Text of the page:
Biography of William Morris

Pioneer of the Arts & Crafts Movement (1834-1896)

William Morris (1834-1896), English Socialist, Artist, Craftsman, and Poet
William Morris (1834-1896), English Socialist, Artist, Craftsman, and Poet. Photo by Rischgitz / Hulton Archive / Getty Images (cropped)

William Morris (born March 24, 1834 in Walthamstow, England) spearheaded the British Arts and Crafts Movement, along with his friend and colleague architect Philip Webb (1831-1915). William Morris the architect had a profound influence on building design, although he was not trained as an architect. He is best-known today for his textile designs that have been repackaged as wallpaper and wrapping paper.

As an influential leader and promoter of the Arts & Crafts Movement, William Morris the designer became famous for his hand-crafted wall coverings, stained glass, carpets, and tapestries. William Morris was also a painter, poet, political publisher, typeface designer, and furniture-maker.

Morris attended Marlborough and Exeter College, at Oxford University. While in college, Morris met Edward Burne-Jones, the painter, and Dante Gabriel Rossetti, the poet. The young men formed a group known as the Brotherhood, or the Pre-Raphaelite Brotherhood. They shared a love of poetry, the Middle Ages, and Gothic architecture. Members of the Brotherhood read the writings of John Ruskin (1819-1900) and developed an interest in the Gothic Revival style. The three friends painted frescoes together at the Oxford Union in 1857.

But this was not entirely an academic or social brotherhood. They were inspired by the themes presented in Ruskin's writings.

The Industrial Revolution begun in Britain had turned the country into something unrecognizable to the young men. Ruskin was writing about society's ills in books such as The Seven Lamps of Architecture (1849) and The Stones of Venice (1851). The group would study and discuss the impact of industrialization and John Ruskin's themes—how machines dehumanize, how industrialization ruins the environment, how mass production creates shoddy, unnatural objects.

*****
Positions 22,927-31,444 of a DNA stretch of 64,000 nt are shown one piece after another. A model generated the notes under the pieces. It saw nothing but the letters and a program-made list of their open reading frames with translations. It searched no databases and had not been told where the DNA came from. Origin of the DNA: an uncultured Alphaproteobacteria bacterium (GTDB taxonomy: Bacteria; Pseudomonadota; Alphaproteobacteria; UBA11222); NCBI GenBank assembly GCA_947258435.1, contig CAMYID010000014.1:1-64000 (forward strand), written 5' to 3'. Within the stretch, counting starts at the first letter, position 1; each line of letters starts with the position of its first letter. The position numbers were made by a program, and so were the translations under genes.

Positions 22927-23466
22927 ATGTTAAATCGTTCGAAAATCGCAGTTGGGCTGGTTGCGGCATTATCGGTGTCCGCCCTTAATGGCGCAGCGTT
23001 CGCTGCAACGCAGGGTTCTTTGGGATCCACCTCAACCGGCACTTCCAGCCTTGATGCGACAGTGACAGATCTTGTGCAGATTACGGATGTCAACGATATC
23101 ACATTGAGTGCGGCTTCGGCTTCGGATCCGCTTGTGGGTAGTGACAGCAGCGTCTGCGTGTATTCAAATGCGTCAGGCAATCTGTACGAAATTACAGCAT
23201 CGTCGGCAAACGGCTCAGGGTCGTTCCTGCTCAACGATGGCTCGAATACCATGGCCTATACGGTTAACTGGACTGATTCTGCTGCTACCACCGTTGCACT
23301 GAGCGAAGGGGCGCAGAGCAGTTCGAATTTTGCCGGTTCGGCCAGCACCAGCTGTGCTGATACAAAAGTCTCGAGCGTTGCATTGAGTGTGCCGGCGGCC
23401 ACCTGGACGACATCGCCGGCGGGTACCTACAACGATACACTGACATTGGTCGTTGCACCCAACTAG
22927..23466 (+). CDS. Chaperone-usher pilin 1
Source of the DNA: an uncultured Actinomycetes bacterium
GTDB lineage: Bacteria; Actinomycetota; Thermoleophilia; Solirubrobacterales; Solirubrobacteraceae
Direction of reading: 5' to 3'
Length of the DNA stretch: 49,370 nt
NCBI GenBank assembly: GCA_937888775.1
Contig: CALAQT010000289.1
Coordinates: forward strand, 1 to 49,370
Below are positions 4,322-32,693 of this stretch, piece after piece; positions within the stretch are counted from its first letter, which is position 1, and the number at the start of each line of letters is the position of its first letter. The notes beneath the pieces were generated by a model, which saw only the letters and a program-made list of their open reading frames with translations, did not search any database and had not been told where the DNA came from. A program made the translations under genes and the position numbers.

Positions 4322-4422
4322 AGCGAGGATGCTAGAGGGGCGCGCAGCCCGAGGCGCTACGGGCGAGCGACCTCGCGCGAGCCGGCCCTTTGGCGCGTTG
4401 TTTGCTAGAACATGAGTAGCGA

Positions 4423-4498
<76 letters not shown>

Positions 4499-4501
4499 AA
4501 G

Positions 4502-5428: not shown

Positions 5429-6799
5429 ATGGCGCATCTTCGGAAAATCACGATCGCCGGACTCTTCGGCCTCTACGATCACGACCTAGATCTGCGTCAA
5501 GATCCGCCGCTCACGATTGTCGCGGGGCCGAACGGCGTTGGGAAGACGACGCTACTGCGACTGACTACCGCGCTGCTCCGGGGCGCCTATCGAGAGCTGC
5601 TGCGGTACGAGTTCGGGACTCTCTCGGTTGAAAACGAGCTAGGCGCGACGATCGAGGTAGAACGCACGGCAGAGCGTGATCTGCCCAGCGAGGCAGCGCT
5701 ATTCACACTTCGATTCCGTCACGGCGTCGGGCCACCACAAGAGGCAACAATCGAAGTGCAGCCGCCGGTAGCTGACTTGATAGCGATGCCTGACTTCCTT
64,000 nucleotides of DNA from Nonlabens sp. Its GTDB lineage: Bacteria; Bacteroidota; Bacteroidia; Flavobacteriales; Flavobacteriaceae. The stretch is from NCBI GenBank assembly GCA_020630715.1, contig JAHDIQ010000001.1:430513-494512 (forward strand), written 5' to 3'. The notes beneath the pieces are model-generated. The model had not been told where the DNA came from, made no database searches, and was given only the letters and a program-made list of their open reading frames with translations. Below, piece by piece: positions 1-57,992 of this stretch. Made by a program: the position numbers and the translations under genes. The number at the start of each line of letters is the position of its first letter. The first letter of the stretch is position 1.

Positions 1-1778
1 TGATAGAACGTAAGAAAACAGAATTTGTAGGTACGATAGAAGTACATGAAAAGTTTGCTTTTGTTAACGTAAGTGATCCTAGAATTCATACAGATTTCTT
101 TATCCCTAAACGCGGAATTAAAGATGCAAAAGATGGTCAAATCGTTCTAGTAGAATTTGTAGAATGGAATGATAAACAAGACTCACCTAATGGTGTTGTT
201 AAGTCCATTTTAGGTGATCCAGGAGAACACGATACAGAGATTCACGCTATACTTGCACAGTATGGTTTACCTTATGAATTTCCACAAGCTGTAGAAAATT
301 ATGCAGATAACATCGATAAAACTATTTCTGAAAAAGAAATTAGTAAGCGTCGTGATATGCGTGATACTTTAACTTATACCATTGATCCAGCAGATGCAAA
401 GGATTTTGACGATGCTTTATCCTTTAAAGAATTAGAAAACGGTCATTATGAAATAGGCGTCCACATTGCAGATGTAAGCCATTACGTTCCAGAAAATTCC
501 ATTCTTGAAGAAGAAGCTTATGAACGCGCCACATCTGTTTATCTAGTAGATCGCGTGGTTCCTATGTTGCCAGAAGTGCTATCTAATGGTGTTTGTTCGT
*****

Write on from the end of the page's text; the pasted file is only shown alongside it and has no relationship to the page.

The artistry and honesty in hand-crafted material—not machine-made material—was missing in British goods. The group sought to return to an earlier time.

In 1861, William Morris established "the Firm," which would later become Morris, Marshall, Faulkner & Co. Although Morris, Burne-Jones, and Rossetti were the most important designers and decorators, most of the Pre-Raphaelites were involved in designing for the company. The talents of the firm were rounded out with the skills of architect Philip Webb and painter Ford Madox Brown who designed furniture and stained glass. The partnership came to an end in 1875 and Morris formed a new business called Morris & Company. By 1877, Morris and Webb had also established the Society for the Protection of Ancient Buildings (SPAB), an organized historic preservation organization. Morris wrote the SPAB Manifesto to explain its purposes—"to put Protection in the place of Restoration....to treat our ancient buildings as monuments of a bygone art."